Rather than trying to sell mortgages to institutional investors, portfolio mortgage lenders are investment firms or banks that offer mortgage loans that they retain in their investment portfolios, explains the Mortgage Almanac. Frequently, portfolio lenders are small, community-based banks that can offer greater flexibility in loan qualifications and terms, although the approval process for such loans may be more challenging.
Since portfolio lenders offer their own money, they do not have to conform to Fannie Mae guidelines, states InvestFourMore. They can provide financing for more properties with one buyer than a traditional lender, and they may offer cash-out refinancing with alternative financing options. The downside of portfolio mortgage lenders is that they often offer fewer loan program options than larger institutions.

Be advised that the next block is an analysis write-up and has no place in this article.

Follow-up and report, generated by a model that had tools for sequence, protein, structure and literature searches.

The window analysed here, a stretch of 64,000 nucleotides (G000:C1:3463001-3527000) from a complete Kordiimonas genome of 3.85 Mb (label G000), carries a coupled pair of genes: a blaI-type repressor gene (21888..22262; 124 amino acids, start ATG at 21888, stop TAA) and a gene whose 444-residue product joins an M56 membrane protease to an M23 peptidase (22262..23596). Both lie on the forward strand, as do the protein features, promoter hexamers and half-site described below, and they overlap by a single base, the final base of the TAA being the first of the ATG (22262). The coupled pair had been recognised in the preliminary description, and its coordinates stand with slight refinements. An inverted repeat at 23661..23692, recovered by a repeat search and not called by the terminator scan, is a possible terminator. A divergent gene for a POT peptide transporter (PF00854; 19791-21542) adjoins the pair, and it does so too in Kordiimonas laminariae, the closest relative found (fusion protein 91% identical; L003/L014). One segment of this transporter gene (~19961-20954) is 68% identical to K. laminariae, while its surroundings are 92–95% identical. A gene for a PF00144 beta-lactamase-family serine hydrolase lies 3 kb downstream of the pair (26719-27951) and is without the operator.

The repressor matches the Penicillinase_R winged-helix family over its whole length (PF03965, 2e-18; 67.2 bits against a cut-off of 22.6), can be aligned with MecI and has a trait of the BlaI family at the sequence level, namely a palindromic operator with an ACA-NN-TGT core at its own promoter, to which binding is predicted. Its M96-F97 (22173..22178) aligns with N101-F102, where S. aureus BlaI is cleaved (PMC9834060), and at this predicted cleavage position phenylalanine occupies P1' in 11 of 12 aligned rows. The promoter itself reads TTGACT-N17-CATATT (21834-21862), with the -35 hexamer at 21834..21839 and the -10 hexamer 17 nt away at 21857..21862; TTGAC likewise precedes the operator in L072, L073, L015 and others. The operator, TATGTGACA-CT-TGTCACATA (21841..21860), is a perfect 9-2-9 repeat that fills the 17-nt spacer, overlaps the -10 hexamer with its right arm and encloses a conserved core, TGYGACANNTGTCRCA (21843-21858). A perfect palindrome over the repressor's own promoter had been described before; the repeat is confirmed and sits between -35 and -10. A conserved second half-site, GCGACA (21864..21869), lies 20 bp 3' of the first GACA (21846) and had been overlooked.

With a portfolio lender, many of its options and terms rely on the relationship between client and provider, notes InvestFourMore. Most often, the lender requires a borrower to have all of her accounts and money in its bank with the expectation of a long-term professional relationship.
Lenders who intend to sell mortgages to Fannie Mae and Freddie Mac must adhere to strict guidelines for underwriting, states the Mortgage Almanac. While a portfolio lender is not tied to such guidelines, it must make careful business decisions while balancing the needs of customers.